Many obstacles exist and in a best case scenario some time must pass before the full consequences of the world’s new energy geography make themselves felt, but if production from the new sources in Israel and elsewhere develops, world politics will change. The countries along both coasts of the Persian Gulf erupted into global prominence in the 1970s when world energy shortages catapulted them into previously undreamt of wealth and political influence. Those countries will still be rich; for the most part, their energy is cheaper to produce than the more unconventional sources in the rest of the world, including Israel.

But what they keep in money they may lose in clout. OPEC’s power to dictate world prices is likely to decline as Canadian, US, Israeli and Chinese resources come on line.

The ability of the Arab governments to influence political opinion in Europe and the rest of the world is likely to decline as more oil and gas resources appear — and as Israel emerges as an important supplier. We could be heading toward a time when the world just doesn’t care all that much what happens around the Persian Gulf — as long as nobody gets frisky with the nukes.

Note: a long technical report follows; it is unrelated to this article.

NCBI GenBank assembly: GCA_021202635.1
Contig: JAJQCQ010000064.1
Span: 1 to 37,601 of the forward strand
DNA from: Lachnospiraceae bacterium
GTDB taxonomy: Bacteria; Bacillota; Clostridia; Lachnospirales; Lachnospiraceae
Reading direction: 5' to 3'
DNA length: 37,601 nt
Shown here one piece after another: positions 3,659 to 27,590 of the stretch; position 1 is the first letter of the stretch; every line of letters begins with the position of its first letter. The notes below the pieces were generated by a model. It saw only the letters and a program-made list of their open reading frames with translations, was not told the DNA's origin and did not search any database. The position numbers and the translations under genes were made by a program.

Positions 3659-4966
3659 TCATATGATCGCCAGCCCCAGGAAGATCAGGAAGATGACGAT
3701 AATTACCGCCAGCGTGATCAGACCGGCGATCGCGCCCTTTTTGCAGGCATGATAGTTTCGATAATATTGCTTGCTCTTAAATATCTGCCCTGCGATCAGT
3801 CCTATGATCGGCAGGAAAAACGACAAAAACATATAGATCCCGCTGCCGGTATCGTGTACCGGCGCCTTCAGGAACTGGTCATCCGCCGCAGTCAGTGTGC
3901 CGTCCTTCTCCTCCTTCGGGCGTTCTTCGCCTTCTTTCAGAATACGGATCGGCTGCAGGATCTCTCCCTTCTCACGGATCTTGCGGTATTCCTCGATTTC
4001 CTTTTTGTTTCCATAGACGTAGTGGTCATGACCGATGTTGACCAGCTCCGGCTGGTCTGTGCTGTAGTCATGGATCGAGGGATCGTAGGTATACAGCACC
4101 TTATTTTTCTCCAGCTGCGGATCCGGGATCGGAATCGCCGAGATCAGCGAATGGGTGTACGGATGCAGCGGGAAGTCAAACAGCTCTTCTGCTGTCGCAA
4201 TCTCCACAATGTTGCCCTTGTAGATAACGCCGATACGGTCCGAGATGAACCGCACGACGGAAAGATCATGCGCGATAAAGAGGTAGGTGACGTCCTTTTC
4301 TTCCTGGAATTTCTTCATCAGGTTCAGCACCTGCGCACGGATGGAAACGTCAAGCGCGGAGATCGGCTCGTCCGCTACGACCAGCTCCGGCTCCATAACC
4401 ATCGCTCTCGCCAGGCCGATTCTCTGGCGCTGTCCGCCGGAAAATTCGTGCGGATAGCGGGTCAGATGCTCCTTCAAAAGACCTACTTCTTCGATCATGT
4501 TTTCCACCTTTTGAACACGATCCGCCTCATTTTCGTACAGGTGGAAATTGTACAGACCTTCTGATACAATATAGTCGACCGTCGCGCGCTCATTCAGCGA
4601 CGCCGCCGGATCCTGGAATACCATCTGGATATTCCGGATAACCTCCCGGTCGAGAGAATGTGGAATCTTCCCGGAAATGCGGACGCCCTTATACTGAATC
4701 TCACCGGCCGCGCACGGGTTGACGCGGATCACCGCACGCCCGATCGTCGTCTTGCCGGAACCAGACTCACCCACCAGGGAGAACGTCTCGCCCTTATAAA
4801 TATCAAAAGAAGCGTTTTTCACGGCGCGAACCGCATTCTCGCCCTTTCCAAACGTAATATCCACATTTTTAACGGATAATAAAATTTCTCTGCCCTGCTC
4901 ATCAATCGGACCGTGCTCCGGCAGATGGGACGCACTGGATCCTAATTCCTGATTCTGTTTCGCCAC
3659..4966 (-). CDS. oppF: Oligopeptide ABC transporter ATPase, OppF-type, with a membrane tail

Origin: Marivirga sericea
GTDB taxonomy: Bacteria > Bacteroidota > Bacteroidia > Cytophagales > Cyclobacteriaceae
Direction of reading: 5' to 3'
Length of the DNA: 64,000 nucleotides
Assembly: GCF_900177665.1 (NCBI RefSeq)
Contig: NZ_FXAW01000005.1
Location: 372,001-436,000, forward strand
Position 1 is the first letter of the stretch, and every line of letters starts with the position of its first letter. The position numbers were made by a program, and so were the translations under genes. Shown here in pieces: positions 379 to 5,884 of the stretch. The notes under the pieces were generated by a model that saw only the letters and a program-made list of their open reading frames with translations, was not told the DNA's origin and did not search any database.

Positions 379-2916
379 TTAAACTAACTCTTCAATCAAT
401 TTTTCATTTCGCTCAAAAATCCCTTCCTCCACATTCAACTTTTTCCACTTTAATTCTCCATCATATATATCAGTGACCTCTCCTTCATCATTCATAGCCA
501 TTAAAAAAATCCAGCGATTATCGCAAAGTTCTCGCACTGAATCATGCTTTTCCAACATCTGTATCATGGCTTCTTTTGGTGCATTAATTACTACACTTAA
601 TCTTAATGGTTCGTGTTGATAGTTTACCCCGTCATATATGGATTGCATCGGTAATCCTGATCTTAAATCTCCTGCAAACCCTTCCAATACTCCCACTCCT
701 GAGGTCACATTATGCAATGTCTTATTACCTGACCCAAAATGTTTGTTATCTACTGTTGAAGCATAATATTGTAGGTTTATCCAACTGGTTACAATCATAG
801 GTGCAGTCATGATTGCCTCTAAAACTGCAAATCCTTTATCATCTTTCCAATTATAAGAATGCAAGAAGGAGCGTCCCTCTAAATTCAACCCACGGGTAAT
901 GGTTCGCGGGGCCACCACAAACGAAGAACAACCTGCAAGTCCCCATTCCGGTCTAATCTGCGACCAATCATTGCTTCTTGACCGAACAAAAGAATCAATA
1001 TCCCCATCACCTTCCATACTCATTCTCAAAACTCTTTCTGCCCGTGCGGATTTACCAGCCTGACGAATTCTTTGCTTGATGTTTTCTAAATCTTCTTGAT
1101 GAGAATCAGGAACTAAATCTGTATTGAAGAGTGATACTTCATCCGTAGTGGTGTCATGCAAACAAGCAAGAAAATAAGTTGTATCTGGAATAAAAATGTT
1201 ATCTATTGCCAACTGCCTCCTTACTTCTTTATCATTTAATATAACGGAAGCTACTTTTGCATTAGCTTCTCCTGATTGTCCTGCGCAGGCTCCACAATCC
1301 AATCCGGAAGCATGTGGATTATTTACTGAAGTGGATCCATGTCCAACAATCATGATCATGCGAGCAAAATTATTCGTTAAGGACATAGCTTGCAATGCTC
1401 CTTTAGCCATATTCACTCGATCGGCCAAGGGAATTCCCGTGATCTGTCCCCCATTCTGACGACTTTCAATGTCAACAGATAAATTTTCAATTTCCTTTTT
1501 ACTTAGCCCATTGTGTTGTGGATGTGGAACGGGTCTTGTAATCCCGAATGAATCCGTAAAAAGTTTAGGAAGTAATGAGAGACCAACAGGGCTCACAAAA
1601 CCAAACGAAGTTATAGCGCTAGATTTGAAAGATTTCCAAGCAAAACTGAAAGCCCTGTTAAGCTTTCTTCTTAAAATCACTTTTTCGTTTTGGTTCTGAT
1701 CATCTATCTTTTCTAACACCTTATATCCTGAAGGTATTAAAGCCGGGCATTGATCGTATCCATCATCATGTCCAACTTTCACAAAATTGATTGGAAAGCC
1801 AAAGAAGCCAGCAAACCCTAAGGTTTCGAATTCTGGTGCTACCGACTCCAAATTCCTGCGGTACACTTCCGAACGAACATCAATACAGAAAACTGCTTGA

Another big loser could be Turkey. If Israel really does emerge as a great energy power, and a Russia-Greece-Cyprus-Israel energy consortium does in fact emerge, Turkey will feel like someone who jilted a faithful longtime girlfriend the week before she won a huge lottery jackpot. More, Turkey’s ambitions to play a larger role in the old Ottoman stomping ground of the eastern Mediterranean basin will have suffered a significant check.

An energy-rich Israel with a lot of friends and suitors is going to be less dependent on the US than it has been — and it is also going to be a more valuable ally.

The emerging new energy picture in Israel has the potential to be one of the biggest news developments of the next ten years. Potentially, the energy revolution and the change in Israel’s outlook has more geopolitical implications than the Arab Spring. Via Meadia will be following this story and trying to make sense of the geopolitical and economic shifts as they occur.

If the oil and the gas start to flow in anything like the quantities experts think now may be possible, expect many more visitors to Jerusalem to say similar things to Israelis and the Al Aqsa Institute will have to issue a lot more angry rebuttals. An Israel with vast energy endowments may be less coolly received in certain circles than it is today.

In the meantime, we wonder if there was an 11th, hitherto undiscovered commandment on those tablets at Sinai: Thou shalt drill, baby, thou shalt drill.